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I've read Magento upgrade instructions that describe setting up the new version, then moving the customization from the old version to the new install (oversimplification).

I was wondering if people could recommend a process for possibly accelerating/automating through git merges migrating from old to new? Is that practical? Or, is this going to be mostly a manual process.

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Upgrading, yes, Magento already performs installer scripts to apply DB and/or data changes. If you are "doing it the right way™" you should have a local copy for reach dev, a development environment, and a staging environment. If you are a one man operation, staging may be overkill, but as easy and cheap as it is these days to spin up a cloud server there's really no reason not to.

Simply apply the .sh patch or even a fresh thx and overwrite on top of your installation from your local instance, create a new git branch, and test away. There are many testing frameworks to utilize like selenium, magetest, unit tests, etc. to throw out your now patched code base. If asks all, then commit the branch, and if you are doing continuous integration, you shouldn't need to do much else, as to treat it just like deploying a commercial or local module.

The most difficult part is regression testing, make note of what the upgrade is fixing/adding/removing, etc. To help narrow down pain points to focus more on. And there's always good community efforts to help others with upgrades and patching on here at MageExchange.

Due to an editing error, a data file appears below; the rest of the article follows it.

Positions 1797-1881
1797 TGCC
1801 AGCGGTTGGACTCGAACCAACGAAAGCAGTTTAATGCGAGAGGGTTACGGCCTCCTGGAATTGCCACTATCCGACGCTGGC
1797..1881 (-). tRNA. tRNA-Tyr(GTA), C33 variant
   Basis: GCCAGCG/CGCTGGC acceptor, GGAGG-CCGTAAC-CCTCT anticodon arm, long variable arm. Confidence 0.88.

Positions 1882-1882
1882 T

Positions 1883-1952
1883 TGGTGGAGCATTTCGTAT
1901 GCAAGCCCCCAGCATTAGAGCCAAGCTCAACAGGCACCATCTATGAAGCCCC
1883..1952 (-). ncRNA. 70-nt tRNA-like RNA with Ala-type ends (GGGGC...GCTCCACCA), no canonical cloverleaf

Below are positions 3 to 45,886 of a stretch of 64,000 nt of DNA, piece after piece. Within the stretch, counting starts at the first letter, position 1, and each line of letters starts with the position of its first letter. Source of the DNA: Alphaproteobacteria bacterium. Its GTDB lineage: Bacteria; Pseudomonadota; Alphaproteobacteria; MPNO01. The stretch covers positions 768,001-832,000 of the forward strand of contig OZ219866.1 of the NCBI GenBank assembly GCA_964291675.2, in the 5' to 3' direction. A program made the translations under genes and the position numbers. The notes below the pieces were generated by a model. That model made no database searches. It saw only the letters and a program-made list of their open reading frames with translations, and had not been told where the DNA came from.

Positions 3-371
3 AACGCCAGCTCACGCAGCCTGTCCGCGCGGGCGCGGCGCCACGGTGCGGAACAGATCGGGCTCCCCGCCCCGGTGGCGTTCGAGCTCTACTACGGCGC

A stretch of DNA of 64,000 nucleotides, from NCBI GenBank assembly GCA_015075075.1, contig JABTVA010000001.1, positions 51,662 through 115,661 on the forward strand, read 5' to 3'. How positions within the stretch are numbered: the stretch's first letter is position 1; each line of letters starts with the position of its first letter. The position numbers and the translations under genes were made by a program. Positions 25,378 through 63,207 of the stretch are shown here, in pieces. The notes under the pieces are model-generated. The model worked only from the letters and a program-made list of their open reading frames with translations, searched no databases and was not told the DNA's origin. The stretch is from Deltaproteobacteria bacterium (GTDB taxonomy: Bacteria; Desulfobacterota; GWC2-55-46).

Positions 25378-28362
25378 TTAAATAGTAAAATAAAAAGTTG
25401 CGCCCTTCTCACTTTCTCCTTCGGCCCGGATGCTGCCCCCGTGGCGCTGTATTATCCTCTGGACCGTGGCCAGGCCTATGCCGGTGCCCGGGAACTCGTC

But with that said; security patches coming in various flavors requires a bit more of a manual process. Since Magento usually gives patches in an "supposed" easy way to apply them. Most of the patches are just the same bash .sh scripts that wrap the Linux patch command while embedding the generated diff changes. You can cherry pick the diffed embeded code out and store it in Git or such & use a means like a webhook to trigger applying them with patch.

One thing computers are great at doing is repetitive tasks, anything doing twice is worth automating. Hence the reason everyone loves & strives for clean readable code. Plus you should be coding as the next guy to inherit the technical debt, is a psychopath and knows where you live. 😀

Further reading: - http://molotovbliss.com/magento-modules-post-deployment-uninstall-downgrading/ - http://molotovbliss.com/rules-of-magento-club/

  • I do have a dev and production, also a test/staging that I rarely use (1-man shop). Your instructions are interesting... so many upgrade instructs tell me to create a clean directory, install the new Magento there, then copy my changes over. So the approach you describe should work? What about the recreating my template on the new base in 1.9.x (I'm moving from 1.8) – MarkE Jan 26 '17 at 4:33
  • If your template has been setup regarding the best practices approach you should only be modifying the bare minimum so that way the template fallback system would use the base/default path as much as possible. This minimizes the amount of work needed to upgrade. It's why it is not a good idea to just copy over the entire template over into your own, and leverage a local.xml layout file as much as possible. See magentotherightway.com/#layouts – B00MER Jan 26 '17 at 18:09

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